Apparently Zhukov correctly judged the state of mind of the young soldier7 and turned to talk with others. Right away one of his colonels, a communicator, ran up to us. He forced us out of our stupor. "Boys, give the marshal everything you've got." I switched on the RBM and connected and tuned the antenna. I must have done everything like a whiz, in a few seconds. Since I didn't know either the frequencies or the codes of the front staff, the colonel took my place at the operating position.

Boy, that was DX! I'll probably never hear such a pile-up8 again. After the first code phrases were spoken into the microphone, the quiet frequency literally exploded with hundreds of stations. The general headquarters had found the missing front commander. Quickly automobiles arrived, and the unexpected delegation departed. Cherednichenko applied iodine to the wound on his face, and Fedor Glushko was the happiest of all -- the whole time he hadn't crawled out from under the table and hadn't been noticed by anybody. He simply couldn't physically get out after all those who were sleeping stood up!


Translator's Notes:

1. This article throws light on the character of Marshal of the Soviet Union Georgiy Konstantinovich Zhukov, four-times Hero of the Soviet Union, who is still revered in Russia for his role as a military leader during World War II. An organization devoted to his memory existed as of 1995, when his daughter was interviewed for an article, "Savior of the Fatherland," published on the occasion of the 120th anniversary of his birth.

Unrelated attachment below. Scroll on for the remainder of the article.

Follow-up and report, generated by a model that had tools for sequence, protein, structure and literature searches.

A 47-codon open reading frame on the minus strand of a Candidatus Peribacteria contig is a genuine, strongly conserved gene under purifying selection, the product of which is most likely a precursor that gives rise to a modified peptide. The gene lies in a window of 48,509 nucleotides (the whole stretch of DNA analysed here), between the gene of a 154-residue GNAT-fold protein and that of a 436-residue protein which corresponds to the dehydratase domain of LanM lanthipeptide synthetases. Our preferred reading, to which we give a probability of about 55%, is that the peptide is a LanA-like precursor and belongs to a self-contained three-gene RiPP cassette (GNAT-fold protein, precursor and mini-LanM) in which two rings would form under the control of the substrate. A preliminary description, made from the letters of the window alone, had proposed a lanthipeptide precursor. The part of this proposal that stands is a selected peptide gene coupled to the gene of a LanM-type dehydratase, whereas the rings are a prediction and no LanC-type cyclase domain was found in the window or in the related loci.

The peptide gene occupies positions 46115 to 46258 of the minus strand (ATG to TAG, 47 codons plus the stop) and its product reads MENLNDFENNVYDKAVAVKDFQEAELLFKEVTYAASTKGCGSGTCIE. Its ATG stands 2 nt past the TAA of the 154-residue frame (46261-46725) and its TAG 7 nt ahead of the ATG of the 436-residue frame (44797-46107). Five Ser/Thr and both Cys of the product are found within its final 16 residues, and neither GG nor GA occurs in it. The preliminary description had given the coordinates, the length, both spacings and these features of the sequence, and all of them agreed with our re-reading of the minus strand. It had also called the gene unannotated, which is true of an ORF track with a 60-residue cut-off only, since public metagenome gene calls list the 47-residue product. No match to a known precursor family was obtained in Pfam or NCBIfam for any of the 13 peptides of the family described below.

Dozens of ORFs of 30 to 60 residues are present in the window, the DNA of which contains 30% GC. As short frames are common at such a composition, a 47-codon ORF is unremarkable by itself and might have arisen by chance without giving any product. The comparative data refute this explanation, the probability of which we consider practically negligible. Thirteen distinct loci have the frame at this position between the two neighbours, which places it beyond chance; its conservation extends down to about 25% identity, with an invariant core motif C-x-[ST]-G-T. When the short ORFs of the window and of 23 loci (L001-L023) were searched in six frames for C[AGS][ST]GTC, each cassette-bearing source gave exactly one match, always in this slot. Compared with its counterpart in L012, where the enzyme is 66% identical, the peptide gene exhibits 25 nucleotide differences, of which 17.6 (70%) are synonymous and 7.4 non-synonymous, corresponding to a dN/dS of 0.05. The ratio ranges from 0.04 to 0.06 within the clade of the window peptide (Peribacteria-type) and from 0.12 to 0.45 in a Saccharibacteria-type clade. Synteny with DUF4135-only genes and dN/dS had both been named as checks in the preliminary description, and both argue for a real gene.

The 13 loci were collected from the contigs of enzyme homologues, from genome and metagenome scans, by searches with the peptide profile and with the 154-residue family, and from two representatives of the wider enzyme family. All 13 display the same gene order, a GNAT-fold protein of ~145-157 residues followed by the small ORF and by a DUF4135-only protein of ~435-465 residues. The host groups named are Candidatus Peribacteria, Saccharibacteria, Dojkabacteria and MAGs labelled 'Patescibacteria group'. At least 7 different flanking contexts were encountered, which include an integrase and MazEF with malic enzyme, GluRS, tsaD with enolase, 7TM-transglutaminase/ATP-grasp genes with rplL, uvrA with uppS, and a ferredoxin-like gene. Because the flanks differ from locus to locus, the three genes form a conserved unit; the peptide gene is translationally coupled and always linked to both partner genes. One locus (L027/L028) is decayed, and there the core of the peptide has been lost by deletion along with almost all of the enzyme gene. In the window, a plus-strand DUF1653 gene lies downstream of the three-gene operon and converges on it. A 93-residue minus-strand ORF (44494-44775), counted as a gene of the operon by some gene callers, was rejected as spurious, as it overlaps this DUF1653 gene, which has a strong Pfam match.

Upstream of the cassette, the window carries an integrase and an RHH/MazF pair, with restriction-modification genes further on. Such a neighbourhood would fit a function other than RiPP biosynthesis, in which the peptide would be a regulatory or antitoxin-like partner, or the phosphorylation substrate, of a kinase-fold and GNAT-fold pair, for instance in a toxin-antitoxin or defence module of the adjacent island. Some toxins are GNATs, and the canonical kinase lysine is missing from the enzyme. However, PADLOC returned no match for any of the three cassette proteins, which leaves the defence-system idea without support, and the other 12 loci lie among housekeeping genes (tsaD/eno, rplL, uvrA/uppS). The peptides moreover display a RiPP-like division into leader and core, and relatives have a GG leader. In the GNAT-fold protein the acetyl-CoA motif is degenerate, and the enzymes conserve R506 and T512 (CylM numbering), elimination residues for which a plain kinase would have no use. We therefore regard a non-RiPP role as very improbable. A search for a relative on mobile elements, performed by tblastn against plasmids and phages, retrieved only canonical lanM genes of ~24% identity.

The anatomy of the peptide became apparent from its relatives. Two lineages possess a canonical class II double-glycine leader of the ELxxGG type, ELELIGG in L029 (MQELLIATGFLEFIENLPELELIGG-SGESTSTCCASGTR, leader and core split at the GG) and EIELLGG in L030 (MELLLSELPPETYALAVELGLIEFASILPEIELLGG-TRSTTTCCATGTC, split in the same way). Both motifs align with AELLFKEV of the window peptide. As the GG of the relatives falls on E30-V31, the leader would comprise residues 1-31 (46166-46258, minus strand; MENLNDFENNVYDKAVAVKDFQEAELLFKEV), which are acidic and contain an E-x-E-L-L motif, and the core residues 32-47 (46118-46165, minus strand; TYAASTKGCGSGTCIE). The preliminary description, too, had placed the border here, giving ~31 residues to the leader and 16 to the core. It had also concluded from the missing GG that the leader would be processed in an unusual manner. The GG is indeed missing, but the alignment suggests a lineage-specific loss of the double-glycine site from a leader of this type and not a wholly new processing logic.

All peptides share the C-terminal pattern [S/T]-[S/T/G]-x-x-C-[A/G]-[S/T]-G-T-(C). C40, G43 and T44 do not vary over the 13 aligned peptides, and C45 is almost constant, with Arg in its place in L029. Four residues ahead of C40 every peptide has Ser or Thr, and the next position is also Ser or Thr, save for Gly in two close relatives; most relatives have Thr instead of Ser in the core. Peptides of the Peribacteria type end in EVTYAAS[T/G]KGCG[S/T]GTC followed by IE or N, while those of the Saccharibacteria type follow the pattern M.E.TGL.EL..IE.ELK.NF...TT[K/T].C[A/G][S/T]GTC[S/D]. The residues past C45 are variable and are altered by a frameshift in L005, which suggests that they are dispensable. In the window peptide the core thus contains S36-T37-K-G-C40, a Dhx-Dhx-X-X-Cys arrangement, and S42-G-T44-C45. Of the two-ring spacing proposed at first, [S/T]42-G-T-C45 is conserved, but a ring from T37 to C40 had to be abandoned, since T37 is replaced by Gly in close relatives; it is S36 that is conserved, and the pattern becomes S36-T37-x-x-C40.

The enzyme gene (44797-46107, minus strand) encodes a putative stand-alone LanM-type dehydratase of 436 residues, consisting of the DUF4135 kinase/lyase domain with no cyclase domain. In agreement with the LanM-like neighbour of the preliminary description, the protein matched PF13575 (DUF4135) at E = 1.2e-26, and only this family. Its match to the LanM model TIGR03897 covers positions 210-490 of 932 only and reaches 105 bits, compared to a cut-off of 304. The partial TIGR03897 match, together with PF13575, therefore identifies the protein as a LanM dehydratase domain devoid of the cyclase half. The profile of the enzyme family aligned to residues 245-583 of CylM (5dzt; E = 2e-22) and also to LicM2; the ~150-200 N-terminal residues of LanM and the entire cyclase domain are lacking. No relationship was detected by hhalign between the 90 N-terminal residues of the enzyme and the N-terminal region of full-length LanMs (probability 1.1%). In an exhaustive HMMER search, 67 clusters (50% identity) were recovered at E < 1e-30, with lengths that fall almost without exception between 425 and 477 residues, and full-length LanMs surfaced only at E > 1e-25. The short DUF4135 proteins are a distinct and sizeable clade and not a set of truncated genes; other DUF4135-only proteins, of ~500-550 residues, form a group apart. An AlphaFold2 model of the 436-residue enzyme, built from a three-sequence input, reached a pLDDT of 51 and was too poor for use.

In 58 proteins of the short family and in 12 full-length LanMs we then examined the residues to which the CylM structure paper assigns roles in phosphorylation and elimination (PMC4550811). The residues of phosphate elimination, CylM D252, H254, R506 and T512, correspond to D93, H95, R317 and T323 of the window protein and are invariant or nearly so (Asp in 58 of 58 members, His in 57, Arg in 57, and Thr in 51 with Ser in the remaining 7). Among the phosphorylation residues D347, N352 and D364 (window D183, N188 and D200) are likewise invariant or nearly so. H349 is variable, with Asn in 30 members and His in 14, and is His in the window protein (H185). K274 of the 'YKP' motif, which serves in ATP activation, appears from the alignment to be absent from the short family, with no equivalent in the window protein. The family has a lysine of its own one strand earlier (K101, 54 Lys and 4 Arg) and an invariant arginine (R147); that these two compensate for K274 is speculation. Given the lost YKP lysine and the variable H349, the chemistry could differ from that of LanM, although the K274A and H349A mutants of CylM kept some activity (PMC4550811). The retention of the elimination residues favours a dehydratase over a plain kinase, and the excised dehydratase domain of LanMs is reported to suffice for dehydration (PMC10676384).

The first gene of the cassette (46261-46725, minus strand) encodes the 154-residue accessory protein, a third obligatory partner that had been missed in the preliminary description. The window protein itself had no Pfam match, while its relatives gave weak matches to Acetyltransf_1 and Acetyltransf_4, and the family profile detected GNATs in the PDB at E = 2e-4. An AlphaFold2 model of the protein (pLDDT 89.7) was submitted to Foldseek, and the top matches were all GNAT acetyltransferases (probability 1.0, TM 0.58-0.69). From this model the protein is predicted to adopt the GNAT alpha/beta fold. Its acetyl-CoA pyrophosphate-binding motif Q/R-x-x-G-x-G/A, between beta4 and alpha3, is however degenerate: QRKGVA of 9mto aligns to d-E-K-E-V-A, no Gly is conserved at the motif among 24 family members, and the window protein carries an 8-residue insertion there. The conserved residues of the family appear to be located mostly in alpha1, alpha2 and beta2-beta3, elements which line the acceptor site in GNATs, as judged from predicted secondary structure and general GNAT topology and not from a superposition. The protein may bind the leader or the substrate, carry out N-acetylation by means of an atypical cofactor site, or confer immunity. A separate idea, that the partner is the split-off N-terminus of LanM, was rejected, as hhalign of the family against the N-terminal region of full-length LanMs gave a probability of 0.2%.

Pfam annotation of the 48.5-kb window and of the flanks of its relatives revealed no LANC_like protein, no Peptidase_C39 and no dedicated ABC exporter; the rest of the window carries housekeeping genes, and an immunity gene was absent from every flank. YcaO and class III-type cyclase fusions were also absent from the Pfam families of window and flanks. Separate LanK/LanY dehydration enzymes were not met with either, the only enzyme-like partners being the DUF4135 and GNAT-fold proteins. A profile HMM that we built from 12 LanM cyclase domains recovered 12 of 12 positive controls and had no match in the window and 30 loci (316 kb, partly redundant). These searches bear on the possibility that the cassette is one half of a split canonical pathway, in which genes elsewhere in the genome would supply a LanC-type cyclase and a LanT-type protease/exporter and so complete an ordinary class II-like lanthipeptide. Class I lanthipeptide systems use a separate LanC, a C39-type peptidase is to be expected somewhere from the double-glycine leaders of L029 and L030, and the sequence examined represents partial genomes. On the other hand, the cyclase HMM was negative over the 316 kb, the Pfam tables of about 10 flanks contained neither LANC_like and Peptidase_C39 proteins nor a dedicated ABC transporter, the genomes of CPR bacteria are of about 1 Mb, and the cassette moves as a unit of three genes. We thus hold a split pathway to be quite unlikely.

2. U1LP is a special callsign assigned to radio amateurs who are veterans of the "Great Patriotic War" -- the two periods of World War II during which the USSR was at war with Germany and Japan. The author of the article, Vladen Borisovich Gorbulev, emigrated to Israel, where he was assigned the amateur radio callsign 4Z5BP. He and his wife Lyuba failed to adjust to life abroad, returned to Russia, and are now living at 188917, Leningradskaya oblast', Vyborgskiy rayon, poselok Glebuchevo, ulitsa Mira, d.8, kv.5 (8 Mir Street, Apt. 5, 188917 Glebuchevo Settlement, Vyborgskiy Rayon, Leningradskaya Oblast').

3. A general-lieutenant is a two-star general, equivalent to a U.S. Major General.

4. Khabarzoloto was a gold trust (zoloto = gold) in Khabarovskiy Kray, a vast territory in the Soviet Far East (beyond Siberia). Extensive gold mining took place in this area, largely performed by prisoners in labor camps run by the GULAG (Main Administration of Corrective Labor Camps) of the NKVD.

5. RBM = Battalion Radio, Modernized.

6. Translator's note: This could mean that Cherednichenko feared Zhukov would strike him or shoot him if he said anything, or that, given his state of mind, Cherednichenko found it impossible to speak. It could well mean both.

7. Translator's note: I assume the author is referring to himself here. He was clearly, and with good reason, terrified of Zhukov. Zhukov apparently sensed this and moved on.

8. "DX" and "pile-up" are slang terms used by radio amateurs to describe the chaos created when a mass of stations, often interfering with one another, vie to communicate with a single desired station, in this case with the battalion station that was temporarily serving as the front commander's station.